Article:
There are plenty of problems that could arise between landlord and tenant but parking is at the top of the list. This is more relevant if your Orland Park rental property has limited space and your tenants need parking for more than one or two vehicles. So, to avoid frustrating your tenants, it is important to include the rules regarding vehicles and parking in your lease documents and offer solutions to the tenants as well.
Parking by the Rules
No rental property is created equal. The availability of parking near or around your rental property is a different scenario. Always err on the side of caution and include parking clauses in your lease agreement with tenants even if your property is large enough to not have parking issues. The majority of leases specify the number of vehicles a tenant is allowed to park in particular areas of the property. Some leases refuse to allow a tenant from parking oversized or recreational vehicles on the property, such as boats and RVs. Depending on your situation, your lease can encompass more than that. Not all neighborhoods allow cars to park in their streets. It is beneficial for the tenants to know the areas where they cannot park such as in the yard, near dumpsters, or on an adjacent property. Review the parking rules and expectations with your tenants from the get-go so you can avoid parking issues in the future.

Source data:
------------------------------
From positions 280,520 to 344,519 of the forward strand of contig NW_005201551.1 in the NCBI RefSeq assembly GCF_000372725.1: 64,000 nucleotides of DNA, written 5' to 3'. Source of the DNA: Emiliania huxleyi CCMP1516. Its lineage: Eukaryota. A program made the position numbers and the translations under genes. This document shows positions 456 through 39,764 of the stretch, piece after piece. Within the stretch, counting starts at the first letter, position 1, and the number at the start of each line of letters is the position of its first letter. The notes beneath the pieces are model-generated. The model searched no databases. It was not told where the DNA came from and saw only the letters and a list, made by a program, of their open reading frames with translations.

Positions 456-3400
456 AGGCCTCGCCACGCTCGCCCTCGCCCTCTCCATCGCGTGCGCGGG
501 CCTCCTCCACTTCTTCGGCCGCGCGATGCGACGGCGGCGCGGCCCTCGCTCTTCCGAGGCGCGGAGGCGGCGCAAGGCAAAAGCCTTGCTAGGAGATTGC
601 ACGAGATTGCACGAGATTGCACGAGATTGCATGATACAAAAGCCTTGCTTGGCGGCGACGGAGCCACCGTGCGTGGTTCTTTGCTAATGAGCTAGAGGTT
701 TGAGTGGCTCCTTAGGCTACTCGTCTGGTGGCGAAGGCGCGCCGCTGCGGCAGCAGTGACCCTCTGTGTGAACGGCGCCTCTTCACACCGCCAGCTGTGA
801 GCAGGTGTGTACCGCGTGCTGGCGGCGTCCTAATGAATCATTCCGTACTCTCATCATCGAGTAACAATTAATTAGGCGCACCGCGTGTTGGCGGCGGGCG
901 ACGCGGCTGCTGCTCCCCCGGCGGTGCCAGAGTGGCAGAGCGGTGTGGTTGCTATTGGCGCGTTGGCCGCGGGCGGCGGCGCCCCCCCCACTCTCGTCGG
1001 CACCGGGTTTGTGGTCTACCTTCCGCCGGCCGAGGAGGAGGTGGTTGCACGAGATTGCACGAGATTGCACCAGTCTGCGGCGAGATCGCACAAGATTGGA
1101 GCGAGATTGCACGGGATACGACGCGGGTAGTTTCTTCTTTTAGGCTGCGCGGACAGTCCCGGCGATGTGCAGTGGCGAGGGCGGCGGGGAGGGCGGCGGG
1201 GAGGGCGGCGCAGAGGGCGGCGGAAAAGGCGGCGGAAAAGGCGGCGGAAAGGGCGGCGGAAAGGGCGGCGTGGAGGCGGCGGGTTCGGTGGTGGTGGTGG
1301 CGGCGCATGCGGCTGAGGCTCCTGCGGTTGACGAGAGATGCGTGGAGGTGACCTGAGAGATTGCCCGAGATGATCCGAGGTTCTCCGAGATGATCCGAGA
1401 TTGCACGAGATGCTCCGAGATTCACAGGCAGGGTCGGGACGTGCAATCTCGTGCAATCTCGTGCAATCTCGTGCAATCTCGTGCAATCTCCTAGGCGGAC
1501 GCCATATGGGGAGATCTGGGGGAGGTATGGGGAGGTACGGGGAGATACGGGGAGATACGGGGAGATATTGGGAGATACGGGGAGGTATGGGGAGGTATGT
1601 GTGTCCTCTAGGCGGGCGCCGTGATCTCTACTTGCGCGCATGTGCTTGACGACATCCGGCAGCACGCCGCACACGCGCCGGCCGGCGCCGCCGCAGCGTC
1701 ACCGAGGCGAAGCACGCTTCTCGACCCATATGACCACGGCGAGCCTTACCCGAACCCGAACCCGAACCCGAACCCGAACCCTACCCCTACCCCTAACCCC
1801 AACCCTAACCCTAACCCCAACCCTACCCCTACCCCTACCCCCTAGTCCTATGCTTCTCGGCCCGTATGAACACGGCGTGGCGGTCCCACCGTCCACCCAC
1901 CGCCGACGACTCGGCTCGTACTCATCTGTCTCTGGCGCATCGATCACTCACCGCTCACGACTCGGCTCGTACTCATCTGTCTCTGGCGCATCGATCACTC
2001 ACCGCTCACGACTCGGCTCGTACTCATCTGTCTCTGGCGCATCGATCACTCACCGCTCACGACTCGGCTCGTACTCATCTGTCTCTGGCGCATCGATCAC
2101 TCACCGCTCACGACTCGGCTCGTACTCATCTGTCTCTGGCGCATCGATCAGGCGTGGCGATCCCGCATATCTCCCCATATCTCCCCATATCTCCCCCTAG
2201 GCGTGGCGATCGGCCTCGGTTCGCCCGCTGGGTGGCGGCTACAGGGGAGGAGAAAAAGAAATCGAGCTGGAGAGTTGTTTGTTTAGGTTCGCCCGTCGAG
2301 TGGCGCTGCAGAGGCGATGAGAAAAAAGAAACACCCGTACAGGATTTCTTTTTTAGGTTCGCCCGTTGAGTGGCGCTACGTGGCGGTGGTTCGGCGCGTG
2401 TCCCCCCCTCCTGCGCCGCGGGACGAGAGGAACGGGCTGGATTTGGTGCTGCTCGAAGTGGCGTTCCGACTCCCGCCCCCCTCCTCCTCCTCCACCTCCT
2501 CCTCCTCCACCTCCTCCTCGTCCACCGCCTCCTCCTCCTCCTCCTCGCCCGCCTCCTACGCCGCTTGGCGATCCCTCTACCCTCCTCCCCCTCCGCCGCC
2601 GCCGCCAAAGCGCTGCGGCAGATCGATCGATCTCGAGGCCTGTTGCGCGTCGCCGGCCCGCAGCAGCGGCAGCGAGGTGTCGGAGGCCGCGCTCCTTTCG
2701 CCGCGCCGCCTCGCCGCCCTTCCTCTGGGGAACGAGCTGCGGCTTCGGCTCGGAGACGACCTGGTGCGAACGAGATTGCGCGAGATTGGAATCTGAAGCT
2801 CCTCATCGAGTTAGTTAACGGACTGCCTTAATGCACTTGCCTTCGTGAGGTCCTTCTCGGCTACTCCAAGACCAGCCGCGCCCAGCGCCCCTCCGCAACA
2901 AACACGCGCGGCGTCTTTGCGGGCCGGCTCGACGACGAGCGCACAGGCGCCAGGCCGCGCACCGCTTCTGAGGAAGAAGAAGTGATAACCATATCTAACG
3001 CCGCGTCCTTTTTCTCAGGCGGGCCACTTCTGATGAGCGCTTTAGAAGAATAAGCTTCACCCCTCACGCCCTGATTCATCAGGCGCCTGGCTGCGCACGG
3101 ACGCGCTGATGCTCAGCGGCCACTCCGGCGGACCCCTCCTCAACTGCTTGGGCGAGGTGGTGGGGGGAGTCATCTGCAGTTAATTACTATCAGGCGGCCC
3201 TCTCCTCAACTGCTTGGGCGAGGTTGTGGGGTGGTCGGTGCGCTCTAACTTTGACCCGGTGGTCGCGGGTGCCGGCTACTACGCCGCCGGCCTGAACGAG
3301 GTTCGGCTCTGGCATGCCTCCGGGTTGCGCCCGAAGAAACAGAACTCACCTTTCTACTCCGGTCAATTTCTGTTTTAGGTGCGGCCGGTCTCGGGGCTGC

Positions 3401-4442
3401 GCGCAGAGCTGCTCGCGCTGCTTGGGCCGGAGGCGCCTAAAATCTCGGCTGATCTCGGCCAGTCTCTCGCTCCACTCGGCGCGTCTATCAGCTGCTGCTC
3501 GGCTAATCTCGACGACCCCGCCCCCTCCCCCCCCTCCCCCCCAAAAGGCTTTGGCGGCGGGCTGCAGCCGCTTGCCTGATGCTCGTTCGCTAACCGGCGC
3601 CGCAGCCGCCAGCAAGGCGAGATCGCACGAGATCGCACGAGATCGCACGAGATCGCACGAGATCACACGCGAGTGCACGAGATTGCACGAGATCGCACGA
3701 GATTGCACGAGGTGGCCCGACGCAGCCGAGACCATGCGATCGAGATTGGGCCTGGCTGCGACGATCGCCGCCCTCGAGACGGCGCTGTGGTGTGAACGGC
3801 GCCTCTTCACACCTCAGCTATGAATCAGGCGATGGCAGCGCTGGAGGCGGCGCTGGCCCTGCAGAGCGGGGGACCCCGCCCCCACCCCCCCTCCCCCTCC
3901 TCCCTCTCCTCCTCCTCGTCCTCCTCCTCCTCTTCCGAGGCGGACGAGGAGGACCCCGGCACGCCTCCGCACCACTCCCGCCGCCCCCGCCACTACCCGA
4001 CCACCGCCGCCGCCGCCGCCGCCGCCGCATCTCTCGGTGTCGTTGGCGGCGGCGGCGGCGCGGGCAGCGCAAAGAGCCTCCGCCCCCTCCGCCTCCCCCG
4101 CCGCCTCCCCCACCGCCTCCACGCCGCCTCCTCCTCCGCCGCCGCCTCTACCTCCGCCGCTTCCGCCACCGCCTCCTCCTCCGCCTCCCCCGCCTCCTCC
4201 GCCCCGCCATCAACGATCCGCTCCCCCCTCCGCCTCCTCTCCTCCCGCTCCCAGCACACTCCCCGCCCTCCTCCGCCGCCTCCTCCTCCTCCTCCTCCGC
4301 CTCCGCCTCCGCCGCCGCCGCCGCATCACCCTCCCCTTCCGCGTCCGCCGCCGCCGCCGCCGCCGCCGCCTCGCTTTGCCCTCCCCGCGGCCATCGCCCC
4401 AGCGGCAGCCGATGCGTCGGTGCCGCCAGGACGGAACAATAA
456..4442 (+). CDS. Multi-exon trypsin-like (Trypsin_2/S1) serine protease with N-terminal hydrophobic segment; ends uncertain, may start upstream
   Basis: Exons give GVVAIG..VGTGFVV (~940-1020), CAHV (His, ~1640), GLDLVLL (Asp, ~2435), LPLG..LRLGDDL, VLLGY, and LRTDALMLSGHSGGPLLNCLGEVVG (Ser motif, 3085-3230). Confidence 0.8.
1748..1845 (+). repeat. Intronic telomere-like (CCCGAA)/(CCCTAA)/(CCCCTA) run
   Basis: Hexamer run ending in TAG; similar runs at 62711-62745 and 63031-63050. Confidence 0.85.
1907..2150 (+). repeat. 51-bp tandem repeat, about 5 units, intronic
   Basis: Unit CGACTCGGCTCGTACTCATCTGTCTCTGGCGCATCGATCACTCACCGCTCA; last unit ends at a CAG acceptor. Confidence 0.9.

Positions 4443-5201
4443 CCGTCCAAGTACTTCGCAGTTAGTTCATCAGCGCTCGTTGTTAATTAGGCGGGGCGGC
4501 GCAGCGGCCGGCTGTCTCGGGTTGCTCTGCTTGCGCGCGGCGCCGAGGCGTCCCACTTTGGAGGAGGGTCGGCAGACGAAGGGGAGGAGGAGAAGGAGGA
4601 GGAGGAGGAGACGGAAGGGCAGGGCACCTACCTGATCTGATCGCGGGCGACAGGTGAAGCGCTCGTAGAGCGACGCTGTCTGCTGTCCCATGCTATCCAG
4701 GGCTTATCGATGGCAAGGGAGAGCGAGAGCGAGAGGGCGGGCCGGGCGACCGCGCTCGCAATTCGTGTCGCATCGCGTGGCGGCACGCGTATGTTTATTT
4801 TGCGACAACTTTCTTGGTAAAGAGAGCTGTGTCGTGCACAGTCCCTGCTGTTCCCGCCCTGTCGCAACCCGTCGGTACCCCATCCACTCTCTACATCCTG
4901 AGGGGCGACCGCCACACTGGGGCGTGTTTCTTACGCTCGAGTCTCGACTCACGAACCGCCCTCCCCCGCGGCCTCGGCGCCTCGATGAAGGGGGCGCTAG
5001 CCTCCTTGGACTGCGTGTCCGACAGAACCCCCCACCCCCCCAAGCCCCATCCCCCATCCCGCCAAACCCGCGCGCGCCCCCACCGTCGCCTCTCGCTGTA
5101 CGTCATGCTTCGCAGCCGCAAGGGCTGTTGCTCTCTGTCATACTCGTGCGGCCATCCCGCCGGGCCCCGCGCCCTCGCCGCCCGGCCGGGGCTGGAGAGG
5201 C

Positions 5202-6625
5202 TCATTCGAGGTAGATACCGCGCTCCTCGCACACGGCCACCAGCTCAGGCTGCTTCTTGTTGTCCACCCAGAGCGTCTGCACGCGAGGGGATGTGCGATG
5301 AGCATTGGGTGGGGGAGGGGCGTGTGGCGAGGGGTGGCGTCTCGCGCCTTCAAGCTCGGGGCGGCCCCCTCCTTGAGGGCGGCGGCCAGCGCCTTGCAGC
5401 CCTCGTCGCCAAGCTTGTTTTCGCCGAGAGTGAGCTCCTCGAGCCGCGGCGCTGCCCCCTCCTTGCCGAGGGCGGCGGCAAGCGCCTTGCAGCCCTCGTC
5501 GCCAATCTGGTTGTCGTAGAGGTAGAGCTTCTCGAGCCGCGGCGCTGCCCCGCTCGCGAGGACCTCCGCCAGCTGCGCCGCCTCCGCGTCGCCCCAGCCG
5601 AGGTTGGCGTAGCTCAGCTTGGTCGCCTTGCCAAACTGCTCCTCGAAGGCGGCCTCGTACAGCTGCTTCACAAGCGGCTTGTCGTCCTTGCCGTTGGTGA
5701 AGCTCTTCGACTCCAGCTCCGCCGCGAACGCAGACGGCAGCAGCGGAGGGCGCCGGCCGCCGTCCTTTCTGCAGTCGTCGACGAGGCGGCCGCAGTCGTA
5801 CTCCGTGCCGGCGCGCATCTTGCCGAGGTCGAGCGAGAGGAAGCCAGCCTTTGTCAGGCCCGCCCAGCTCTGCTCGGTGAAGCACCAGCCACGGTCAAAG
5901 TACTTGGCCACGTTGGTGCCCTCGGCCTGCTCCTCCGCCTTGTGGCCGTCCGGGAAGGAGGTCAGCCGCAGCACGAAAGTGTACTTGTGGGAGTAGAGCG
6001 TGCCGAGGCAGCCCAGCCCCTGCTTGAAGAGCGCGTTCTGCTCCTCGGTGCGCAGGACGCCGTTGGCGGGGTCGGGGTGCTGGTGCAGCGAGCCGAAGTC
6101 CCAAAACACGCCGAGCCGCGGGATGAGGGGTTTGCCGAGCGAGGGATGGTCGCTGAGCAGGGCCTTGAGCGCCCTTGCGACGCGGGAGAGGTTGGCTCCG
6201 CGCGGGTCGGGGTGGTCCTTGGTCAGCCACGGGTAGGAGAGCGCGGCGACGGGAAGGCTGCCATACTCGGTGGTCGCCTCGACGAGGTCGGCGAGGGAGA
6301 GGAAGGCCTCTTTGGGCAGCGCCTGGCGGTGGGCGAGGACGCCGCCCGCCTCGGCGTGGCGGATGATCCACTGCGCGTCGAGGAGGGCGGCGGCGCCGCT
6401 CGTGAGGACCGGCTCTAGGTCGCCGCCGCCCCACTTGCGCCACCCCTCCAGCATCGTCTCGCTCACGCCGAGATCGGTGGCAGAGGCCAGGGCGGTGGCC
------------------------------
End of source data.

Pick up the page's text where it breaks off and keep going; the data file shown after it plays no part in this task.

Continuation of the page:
Sometimes, just giving parking rules to tenants seems to be inadequate. This is especially true if your rental property is located in the inner city where parking seems non-existent. Your tenants can still have trouble finding a place to park their vehicles even if your rental is not in the city. In such cases, you have to depend on your creative faculties and find a way to enhance your tenants’ parking options.
If your Orland Park rental property is a house and there is land around it, then you have several original options to consider. If there is no covered parking or no garage on your property, now may be the best time to install a carport near your house. Carports are low-cost undertakings yet they attract tenants like crazy to your rental home. What’s more, it could drive up your resale value. Covered parking is the stuff that makes a rental happen as renters are really drawn to it. But check the zoning laws in your vicinity before you start the construction project.
Now if your carport is just not a good fit for your rental property or a big driveway is not present, a cheap and creative way to add more parking is to create an adjacent paved or gravel area that will be exclusive for parking vehicles. This area could be anywhere near the property and you don’t need to go all out on this. But do not neglect your valuable curb appeal. Turning a front yard into a parking lot is a turn-off to some tenants. Look for other areas on your property instead.
For rental properties with small yards, small driveways, and narrow streets, you have to get your thinking caps on to get good parking solutions. One alternative would be to rent parking from a neighbor or a nearby parking garage. If there is a property nearby that’s not being used, you can have it leased for your tenant’s use. Also, you could ask your tenants to store their extra cars somewhere and then offer them public transit passes thereby reducing the cars on the property.
Making sure that your tenant’s needs are met may sometimes be taxing to property owners. Real Property Management Chicago Group is a skilled and experienced professional who can offer solutions to your parking issues. Contact us for more ideas about how you can make your Orland Park rental property more appealing to renters while still offering what they need to live in comfort.
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